Dec. 16, 2016
What Is A Catch?
The NFL and the game of football are wildly unpredictable. Whether it be coaches getting fired, players being suspended, teams changing location, or one loss by the Oakland Raiders completely shifting the AFC playoff picture, the NFL never ceases to have excitement. A few parts though, remain as absolutes in the NFL, so we believe. Offense, defense, and special teams are the major components of the game as we know it. Players will be passing, running, blocking, tackling, and catching. All very simple, right? Quarterbacks throw the ball to their receivers, and occasionally to the defense. Running backs try to hit the holes and rush for as many yards as possible. Offensive lineman hold down the fort, opening up gaps for the running backs and trying to keep their quarterback up-right. Even wide receivers, running backs, and tight ends block for certain plays. Defense will always be going after the ball, attempting to take it away, or tackling the ball carrier, getting them to the ground. What’s not so simple? Catching.
There may never be a real explanation for the way the NFL has designed the “catch rule”, eliminating historic plays from the record, that ultimately changed games. It is unfortunate when the casual fan, or even a professional football player must ask “what is a catch?”. Organized football as a business has been in existence since 1920 when it was called the American Professional Football Association. In 1922, they changed their name to the National Football League, and throughout time, adding more teams and involving more cities. Through all of this change and evolution, the one major component of the game never changed, even catching. It wasn’t until recent history that the NFL had it brought into question what a catch really is, and honestly, it’s quite ridiculous. On September 12, 2010, everything that was once black and white when deciding a catch, became a major gray area. This was the day a game winning touchdown was stolen from Calvin Johnson against the Chicago Bears in the waning seconds, the day “the process of a catch” came into play. Did he complete the process of the catch? Did he make a second act? Did the receiver make a football move? I believe Calvin Johnson completed the catch.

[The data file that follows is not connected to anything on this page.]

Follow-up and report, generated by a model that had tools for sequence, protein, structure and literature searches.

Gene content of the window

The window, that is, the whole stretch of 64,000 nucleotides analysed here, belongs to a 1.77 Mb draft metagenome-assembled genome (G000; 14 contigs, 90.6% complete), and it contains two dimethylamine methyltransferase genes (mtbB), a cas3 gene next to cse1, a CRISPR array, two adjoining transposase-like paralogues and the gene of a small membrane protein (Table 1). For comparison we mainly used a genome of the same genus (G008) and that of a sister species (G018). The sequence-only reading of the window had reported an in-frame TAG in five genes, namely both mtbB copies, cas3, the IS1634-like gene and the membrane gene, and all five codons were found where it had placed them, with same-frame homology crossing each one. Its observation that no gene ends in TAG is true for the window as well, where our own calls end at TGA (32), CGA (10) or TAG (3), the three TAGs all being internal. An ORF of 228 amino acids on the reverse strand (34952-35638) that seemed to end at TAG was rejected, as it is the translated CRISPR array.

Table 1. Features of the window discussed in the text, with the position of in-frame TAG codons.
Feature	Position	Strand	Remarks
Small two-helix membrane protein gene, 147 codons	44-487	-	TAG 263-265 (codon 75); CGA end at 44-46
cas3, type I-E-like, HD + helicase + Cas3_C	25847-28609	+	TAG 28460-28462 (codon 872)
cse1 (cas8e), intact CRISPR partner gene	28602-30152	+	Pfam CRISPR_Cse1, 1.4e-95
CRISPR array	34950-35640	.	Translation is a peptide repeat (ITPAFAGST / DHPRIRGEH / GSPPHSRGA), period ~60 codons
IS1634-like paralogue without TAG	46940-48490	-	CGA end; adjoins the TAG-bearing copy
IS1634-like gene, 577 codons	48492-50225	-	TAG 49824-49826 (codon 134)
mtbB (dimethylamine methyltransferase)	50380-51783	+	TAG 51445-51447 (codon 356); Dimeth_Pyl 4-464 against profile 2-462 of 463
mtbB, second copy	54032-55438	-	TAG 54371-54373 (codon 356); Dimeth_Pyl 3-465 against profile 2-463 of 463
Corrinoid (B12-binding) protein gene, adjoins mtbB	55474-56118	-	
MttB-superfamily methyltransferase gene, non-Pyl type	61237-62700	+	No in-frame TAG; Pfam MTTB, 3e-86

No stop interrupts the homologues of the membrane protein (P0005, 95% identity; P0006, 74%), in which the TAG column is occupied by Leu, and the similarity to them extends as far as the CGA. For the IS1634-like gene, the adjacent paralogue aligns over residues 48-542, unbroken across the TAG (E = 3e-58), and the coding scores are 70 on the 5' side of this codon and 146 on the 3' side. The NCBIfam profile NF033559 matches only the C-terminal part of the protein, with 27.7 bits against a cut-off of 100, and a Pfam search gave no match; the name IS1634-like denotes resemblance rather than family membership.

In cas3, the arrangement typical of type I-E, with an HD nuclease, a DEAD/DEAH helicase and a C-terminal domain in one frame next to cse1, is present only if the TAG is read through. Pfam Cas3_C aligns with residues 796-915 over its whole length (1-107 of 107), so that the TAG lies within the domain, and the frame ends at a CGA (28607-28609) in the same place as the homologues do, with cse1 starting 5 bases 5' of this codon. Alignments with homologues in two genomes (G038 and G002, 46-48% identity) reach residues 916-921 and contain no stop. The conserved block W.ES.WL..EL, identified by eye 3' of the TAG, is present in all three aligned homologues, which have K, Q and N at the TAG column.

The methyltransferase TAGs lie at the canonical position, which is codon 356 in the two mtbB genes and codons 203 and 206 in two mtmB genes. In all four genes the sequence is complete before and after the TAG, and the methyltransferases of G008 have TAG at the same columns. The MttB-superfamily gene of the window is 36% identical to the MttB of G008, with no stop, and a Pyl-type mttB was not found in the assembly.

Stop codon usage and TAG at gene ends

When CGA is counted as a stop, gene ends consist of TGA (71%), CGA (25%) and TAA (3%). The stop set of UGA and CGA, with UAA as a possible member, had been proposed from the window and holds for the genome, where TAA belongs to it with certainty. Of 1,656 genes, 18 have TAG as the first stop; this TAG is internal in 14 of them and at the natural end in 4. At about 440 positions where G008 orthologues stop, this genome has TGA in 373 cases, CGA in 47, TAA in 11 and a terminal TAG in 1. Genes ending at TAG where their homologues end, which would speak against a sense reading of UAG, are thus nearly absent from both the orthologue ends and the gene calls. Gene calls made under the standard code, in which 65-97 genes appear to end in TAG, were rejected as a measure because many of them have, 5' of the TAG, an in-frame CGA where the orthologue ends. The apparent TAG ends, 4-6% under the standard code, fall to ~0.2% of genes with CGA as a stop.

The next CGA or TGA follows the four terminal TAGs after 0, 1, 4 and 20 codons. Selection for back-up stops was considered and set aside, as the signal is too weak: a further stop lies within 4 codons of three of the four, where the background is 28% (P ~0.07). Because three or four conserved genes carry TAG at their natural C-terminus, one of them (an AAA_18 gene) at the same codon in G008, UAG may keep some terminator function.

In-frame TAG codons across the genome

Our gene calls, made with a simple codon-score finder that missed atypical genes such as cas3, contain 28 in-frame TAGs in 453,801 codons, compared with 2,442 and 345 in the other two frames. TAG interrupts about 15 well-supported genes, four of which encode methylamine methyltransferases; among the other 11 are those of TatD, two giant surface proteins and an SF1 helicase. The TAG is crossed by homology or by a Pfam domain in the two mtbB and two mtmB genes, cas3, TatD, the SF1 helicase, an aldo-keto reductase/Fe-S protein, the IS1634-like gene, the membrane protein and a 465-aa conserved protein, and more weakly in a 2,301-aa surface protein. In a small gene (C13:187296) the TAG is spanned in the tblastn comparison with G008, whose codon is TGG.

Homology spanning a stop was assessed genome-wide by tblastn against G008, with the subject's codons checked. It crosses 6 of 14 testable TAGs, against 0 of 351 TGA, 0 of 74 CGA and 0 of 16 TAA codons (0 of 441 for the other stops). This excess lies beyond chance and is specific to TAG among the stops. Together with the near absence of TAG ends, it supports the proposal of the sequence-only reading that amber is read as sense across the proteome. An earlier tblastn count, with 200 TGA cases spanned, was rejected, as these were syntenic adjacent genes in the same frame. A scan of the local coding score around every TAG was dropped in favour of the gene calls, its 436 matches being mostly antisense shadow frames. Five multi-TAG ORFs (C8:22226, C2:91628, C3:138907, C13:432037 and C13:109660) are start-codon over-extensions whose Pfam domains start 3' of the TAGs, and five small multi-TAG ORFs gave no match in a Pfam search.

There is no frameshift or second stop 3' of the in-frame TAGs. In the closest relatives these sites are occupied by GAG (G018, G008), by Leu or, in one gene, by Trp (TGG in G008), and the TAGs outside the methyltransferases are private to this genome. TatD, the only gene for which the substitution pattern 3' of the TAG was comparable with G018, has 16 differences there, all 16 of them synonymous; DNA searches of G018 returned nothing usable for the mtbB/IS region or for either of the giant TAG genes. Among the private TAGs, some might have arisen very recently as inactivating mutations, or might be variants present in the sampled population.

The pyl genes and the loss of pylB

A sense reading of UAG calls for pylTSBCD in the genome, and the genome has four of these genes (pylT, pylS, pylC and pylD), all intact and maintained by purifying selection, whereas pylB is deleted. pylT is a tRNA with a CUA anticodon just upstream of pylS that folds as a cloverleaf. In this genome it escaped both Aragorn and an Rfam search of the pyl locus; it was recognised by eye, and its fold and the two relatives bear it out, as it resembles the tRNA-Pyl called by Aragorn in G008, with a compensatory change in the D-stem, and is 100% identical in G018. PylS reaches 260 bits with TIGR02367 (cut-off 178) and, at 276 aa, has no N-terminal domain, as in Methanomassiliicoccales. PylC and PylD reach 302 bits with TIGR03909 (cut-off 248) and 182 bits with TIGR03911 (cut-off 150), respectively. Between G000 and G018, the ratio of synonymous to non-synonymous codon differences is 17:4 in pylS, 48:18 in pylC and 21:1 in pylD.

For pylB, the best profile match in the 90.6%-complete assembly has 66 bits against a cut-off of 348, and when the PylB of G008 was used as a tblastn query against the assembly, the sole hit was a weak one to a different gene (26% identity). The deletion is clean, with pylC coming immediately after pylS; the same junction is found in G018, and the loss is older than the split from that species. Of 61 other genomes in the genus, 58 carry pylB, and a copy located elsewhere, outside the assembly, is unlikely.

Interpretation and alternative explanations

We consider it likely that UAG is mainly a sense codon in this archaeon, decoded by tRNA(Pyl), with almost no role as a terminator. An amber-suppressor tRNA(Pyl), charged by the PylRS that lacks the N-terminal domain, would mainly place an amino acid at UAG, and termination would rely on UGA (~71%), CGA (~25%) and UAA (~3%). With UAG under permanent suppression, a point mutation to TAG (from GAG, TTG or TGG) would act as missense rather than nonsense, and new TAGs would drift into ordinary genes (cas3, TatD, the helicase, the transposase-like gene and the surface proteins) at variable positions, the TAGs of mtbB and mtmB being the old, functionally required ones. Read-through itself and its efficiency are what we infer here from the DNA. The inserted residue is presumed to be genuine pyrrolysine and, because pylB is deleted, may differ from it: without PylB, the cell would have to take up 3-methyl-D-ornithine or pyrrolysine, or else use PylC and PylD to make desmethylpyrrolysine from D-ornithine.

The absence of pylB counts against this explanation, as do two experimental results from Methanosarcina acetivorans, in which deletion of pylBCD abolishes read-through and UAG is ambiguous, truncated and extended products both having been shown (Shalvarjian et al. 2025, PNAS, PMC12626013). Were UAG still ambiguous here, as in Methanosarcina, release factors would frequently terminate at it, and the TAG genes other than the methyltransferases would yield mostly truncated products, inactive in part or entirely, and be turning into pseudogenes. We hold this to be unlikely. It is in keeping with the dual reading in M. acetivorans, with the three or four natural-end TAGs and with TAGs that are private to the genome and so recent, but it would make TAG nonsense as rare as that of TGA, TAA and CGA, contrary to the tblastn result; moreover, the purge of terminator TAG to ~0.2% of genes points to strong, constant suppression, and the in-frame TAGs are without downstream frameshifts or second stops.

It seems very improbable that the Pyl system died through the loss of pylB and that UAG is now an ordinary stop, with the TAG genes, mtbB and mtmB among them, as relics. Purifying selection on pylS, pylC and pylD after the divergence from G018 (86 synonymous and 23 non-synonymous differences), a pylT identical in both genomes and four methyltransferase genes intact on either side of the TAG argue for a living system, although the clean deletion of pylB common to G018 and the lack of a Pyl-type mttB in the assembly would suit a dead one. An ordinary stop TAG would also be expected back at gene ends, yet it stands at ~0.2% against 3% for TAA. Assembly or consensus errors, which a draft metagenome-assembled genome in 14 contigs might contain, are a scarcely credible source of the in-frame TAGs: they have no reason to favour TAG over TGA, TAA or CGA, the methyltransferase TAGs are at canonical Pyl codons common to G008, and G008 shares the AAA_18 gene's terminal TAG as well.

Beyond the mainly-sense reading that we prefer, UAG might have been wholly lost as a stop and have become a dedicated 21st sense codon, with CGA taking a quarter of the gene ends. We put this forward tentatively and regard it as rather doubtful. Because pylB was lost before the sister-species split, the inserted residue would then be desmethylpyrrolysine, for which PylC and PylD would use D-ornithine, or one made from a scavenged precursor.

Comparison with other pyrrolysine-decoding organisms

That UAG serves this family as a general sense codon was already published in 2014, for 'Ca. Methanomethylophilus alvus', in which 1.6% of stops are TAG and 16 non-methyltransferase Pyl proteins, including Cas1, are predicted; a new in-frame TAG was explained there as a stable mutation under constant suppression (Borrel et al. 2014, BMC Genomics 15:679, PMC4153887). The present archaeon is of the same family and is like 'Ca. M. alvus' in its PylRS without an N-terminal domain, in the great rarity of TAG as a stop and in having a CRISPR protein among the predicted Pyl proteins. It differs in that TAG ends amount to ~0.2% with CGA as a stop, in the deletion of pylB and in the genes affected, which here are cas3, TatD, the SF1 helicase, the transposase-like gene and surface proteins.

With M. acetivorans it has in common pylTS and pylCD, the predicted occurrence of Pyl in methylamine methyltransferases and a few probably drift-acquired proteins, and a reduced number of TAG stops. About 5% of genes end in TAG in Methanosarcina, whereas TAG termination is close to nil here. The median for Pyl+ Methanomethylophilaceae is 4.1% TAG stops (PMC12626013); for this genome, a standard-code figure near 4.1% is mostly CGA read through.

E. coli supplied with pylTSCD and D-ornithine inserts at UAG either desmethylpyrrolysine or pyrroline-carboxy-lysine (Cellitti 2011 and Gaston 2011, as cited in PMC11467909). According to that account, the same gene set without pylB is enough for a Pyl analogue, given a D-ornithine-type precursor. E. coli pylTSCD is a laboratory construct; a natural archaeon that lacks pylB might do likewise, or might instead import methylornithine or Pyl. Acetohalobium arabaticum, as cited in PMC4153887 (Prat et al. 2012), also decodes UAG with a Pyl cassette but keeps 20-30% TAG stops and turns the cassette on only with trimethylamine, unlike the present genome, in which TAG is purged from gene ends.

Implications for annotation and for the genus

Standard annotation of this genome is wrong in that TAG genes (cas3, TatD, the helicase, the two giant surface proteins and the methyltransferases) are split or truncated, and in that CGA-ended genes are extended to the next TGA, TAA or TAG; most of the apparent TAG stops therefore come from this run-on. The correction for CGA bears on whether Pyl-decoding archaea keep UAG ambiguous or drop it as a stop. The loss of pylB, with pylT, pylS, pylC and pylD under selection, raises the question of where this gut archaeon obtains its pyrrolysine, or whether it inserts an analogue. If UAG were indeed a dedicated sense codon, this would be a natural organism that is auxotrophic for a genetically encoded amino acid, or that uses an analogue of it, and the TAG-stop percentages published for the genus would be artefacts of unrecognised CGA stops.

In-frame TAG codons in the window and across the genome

So, for about 90 years the NFL had no problem with the way the catch was determined, going through countless era’s and trends. What has changed? The process of a catch, in all of the viewer’s eyes is when a player grabs the ball out of the air, and comes down with it. That’s how an 18-year-old fan would view it, as well as a 60-year-old fan, it doesn’t matter who you are and what team you support. Granted, you must get two feet in bounds, take two steps, and have full possession of the ball, there is still no explanation for what goes on in the NFL today when making the call about what’s a catch and what’s not. Unfortunately, this heavily works against the referee’s favor, as they have been heavily scrutinized in recent years. Here’s the truth, the officials are good at what they do. They are seeing a million and one things happen in a split second and they are still able to make the call. The whole play from snap to whistle took 7 seconds, that is how long it took for Sean Hill to get Calvin Johnson the ball. When Calvin made first contact with the ball, till when the clock stopped, was a ridiculous 2 seconds. The officials initially ruled it a touchdown, as it should have been, then later going to the booth to reinterpret the play as an incomplete pass. Once again, these officials are good. To make what everyone under the sun believed to be the right call, based on that short amount of time is absolutely jaw dropping. The problem is the way the rule book is written. They must follow the rule book to make the call, and I’m sure sometimes these referees and their mothers even think that Calvin Johnson made the catch, but the official judged the play based on what the rule book says. Apparently, he did not complete the process of making the catch.